School Closings, Early Dismissals

Statue of Liberty to be reopened amid shutdown after deal with federal government

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NEW YORK (PIX11) – Governor Cuomo announced Friday that New York State has reached an agreement with the federal government to reopen the Statue of Liberty, despite an ongoing government shutdown.

“The Statue of Liberty is one of this country’s most recognizable landmarks, attracting millions of visitors to the state every year, and its closure these last 12 days has had a terrible impact on the local economy and tourism industry,” Governor Cuomo said. “Every day that Liberty Island is closed means we are losing visitors who would otherwise be spending at our local businesses.”

Cuomo also had tough words for the country’s politicians, saying, “While the dysfunction and gridlock in Washington D.C. has failed to keep this important state asset open, New York is stepping up to take over this responsibility.”

Statue of Liberty

Statue of Liberty

Cuomo was proud to announce the reopening of the Statue of Liberty for the Columbus Day holiday, and thanked Interior Secretary Sally Jewell for her work.  The U.S. Department of the Interior shuttered national parks and furloughed more than 2,000 workers after the government shut down last week.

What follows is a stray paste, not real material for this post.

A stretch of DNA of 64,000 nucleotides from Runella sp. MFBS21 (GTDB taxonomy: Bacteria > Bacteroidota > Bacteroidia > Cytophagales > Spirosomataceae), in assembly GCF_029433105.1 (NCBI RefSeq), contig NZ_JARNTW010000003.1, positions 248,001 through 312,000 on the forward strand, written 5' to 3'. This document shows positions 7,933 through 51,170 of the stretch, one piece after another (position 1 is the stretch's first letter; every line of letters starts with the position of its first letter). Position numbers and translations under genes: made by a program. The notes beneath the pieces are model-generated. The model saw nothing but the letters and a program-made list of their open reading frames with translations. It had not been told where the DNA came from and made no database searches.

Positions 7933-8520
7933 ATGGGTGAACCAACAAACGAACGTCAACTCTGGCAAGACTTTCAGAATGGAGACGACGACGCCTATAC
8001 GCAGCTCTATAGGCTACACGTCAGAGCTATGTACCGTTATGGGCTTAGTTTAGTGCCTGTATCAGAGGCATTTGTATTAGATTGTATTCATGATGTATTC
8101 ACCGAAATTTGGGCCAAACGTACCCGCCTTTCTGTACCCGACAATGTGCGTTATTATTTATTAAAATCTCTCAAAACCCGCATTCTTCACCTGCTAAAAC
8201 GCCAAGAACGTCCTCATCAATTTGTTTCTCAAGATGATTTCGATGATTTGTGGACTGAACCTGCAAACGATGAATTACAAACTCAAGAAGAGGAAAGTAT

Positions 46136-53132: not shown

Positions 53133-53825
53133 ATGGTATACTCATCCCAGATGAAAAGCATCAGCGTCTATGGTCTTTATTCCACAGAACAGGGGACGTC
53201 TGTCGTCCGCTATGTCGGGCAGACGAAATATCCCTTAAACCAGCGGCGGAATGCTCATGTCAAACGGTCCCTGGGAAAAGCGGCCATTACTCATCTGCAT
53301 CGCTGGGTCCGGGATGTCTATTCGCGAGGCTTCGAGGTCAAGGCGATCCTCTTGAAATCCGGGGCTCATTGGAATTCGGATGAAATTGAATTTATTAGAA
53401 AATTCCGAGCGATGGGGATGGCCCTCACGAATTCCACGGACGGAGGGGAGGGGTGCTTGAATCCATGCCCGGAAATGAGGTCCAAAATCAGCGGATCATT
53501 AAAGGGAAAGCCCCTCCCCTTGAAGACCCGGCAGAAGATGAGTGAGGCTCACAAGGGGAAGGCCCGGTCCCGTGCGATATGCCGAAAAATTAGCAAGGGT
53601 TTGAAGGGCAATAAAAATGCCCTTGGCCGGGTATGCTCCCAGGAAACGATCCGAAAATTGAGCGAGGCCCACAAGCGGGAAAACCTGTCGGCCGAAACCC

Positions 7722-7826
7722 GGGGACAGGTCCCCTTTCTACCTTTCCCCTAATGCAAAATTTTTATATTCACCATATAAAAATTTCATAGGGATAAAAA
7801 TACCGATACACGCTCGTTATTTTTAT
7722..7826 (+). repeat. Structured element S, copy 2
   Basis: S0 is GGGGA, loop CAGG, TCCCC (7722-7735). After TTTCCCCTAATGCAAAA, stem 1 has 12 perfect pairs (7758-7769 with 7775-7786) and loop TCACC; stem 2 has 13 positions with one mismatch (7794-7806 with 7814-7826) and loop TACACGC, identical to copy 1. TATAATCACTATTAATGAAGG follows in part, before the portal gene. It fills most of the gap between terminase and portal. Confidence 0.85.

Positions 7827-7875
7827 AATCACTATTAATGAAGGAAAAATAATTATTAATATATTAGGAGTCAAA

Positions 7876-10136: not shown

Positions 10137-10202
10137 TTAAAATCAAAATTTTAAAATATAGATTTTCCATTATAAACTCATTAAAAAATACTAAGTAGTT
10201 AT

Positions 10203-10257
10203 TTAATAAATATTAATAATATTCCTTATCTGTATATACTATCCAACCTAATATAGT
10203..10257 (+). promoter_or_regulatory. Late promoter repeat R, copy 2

The Department of the Interior has been willing to reopen parks in states where governors agree to fully fund Nation Park Service employees, however.  Those paychecks will not automatically be reimbursed, and Congress will have to pass a new measure for those governors to see the parks employees’ compensation returned.

The Statue of Liberty, which was closed for almost eight months after Superstorm Sandy battered the tri-state a year ago, brings in some $174 million to the local economy, according to Assembly Speaker Sheldon Silver.

A 2012 National Parks survey found that the more than 10,000 daily visitors spent an average of $35 each at Liberty Island, and as much as $100 outside the park with each visit.  The shutdown also affected workers with more than 400 people losing their jobs and ferry crowds dropping 50 to 70 percent.  The federal government itself has been missing out on $50,000 a day in fees from licensed concessioners.